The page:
Denver Nuggets Post-Draft Positional Breakdown

Photo by Streeter Lecka/Getty Images)
Photo by Streeter Lecka/Getty Images) /
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Was Paul Millsap a disappointment in his initial season in Denver?  I tend to support whoever is wearing the Nuggets uniform, so Millsap automatically gets positive feedback in my eyes.

Unfortunately, my fandom isn’t factual and $20 million is a steep price for 14, 6 and 3.  Particularly given the overload of cheap, young talent that Denver has at the power forward position.

The thing about this Nuggets iteration, though, is that it’s about pieces.  The puzzle centers (pun!) around Jokic and the other players either fit that mold or they do not.  Millsap is a necessary piece for this season and possibly next (Denver has a team option after this season).  Nikola is the oldest of The Core at 23.  Will Barton, the Nuggets wild-card, jack-of-all-trades is just 25.  Millsap represents the result of continued hard work and improvement.  He is a stabilizing force on the floor.  He doesn’t make flashy plays but he also doesn’t make a lot of mistakes.  He also is the highest-profile free-agent signing for Denver since Kenyon Martin.  A signal that Denver is back in the pool of desired destinations.

Clearly, judgement must be restrained considering Millsap’s wrist injury.  Recall the Nuggets eight games leading to the Millsap injury, they were 6-2 with a clunker loss to Portland and a close game with Golden State in which the Warriors pulled away late.  The Nuggets were rising and playing their best ball of the season.  Post-injury, it took a while and a Jokic swoon to fully reintegrate Millsap.  In the late charge the Nuggets made for the eighth seed, Millsap was integral and productive but showed obvious signs that his wrist was still an issue.

By the time Millsap’s contract is up with Denver, whether after this season or next, the Nuggets should have solidified into the team that will challenge for West supremacy.  It is specifically why he signed here and injury aside, he is doing that job.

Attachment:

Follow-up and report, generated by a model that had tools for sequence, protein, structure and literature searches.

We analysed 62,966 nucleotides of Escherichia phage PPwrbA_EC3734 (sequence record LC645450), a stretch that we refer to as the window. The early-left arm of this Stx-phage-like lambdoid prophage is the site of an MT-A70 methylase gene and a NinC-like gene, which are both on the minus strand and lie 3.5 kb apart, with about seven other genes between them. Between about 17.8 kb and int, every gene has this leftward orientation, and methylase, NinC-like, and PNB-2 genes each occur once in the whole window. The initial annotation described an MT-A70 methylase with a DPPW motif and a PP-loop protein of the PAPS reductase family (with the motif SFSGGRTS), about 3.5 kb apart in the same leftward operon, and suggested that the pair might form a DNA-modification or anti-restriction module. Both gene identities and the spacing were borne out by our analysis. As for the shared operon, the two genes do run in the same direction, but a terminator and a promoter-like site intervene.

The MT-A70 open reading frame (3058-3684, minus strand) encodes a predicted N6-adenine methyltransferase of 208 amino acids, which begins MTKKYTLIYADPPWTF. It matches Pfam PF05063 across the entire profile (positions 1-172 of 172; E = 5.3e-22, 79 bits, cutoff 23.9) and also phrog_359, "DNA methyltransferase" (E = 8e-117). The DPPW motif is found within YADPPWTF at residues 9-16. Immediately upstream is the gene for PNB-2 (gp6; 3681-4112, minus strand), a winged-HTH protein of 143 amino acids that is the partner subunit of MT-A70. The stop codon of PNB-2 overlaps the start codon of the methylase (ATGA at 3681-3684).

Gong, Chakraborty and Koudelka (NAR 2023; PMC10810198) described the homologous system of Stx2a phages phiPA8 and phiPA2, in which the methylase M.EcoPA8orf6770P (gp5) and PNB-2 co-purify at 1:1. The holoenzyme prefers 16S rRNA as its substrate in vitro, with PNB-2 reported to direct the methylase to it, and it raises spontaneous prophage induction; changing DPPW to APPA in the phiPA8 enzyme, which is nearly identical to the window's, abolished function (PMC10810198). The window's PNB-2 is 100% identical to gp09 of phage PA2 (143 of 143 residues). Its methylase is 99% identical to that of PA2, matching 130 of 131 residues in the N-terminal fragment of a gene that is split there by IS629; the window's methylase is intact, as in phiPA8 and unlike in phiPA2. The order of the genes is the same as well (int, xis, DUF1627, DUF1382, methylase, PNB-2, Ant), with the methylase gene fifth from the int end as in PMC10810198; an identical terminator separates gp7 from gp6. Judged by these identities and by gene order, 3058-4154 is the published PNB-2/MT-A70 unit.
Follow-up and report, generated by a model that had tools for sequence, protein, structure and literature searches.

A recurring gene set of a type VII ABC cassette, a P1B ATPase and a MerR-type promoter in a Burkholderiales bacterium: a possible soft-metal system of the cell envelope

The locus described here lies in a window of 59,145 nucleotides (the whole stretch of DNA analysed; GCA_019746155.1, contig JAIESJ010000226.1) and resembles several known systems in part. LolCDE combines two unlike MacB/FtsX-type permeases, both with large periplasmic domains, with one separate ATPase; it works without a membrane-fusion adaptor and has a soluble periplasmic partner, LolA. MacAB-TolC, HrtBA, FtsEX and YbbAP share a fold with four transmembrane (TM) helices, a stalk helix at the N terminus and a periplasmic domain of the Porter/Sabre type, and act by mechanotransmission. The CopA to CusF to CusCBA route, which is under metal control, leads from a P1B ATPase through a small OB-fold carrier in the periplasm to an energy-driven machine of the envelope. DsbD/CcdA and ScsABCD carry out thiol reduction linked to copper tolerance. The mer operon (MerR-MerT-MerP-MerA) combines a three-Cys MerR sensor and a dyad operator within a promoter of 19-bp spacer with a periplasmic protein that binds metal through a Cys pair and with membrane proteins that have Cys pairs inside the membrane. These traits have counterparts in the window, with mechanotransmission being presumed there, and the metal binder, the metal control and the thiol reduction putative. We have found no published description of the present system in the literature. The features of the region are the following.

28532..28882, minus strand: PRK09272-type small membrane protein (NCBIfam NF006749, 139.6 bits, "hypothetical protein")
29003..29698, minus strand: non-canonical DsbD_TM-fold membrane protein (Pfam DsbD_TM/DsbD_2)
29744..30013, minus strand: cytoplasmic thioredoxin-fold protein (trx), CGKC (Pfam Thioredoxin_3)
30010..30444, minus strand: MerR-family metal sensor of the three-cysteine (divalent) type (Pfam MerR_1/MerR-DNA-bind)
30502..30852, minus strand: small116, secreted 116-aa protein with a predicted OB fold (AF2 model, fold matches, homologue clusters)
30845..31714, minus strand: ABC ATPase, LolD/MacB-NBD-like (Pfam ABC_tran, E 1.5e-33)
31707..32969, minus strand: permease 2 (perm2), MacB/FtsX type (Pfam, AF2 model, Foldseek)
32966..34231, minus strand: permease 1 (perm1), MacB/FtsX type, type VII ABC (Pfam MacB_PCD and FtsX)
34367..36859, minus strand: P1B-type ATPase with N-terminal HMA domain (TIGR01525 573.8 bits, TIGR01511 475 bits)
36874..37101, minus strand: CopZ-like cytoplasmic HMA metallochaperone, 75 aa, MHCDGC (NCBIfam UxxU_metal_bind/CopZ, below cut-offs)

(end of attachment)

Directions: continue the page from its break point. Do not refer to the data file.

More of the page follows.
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Beyond Millsap, there are a bevy of talented but underperforming bodies at the four.

Trey Lyles, the smooth Kentucky product showed tantalizing upside during Millsap’s injury.  Ideally, Lyles seizes the backup spot and continues his growth.  For a decent period of time, Lyles was a top-10 three-point percentage guy for Denver.  His shot cooled but that potential combined with busy hands defensively and a knack for rebounding have set expectations for the fourth year pro. A side note with Lyles, his Kentucky squad, which went 31-0 in 2014-15 had Karl Anthony-Towns, Willie Cauley-Stein, Devin Booker and Lyles among its starting five.

Tyler Lydon, the 24th pick in last year’s draft recovered from a knee injury.  Currently Lydon’s claim-to-fame, professionally, is his inclusion in the much-maligned (by Denver fans) Donovan Mitchell trade with Utah.  Lydon has a nice stroke from deep and I believe could even fit a Danilo Gallinari-type small forward mold.

Darrell Arthur has opted-in to his final contracted season with Denver.  It’s unclear what role the team envisions for Arthur.  He appears productive, when he plays but his minutes in 2017-18 were limited to 140 for the entire season.

Perhaps the most intriguing player at the position is second-round pick Jarred Vanderbilt.  The former Kentucky Wildcat and McDonald’s All-American was among the nation’s most sought-after players coming out of Victory Prep in Houston.  A lingering foot injury issue raises questions but like first-round draft mate Michael Porter, Jr., the reward outweighs the risk.  Comparisons to the Pistons’ Dennis Rodman and the Warriors Draymond Green make Vanderbilt a prime candidate for Millsap’s tutelage.  Athleticism and toughness, things you can’t coach, appear to be part of the young man’s DNA.  Vanderbilt should be the player we’ve always wanted Kenneth Faried to be.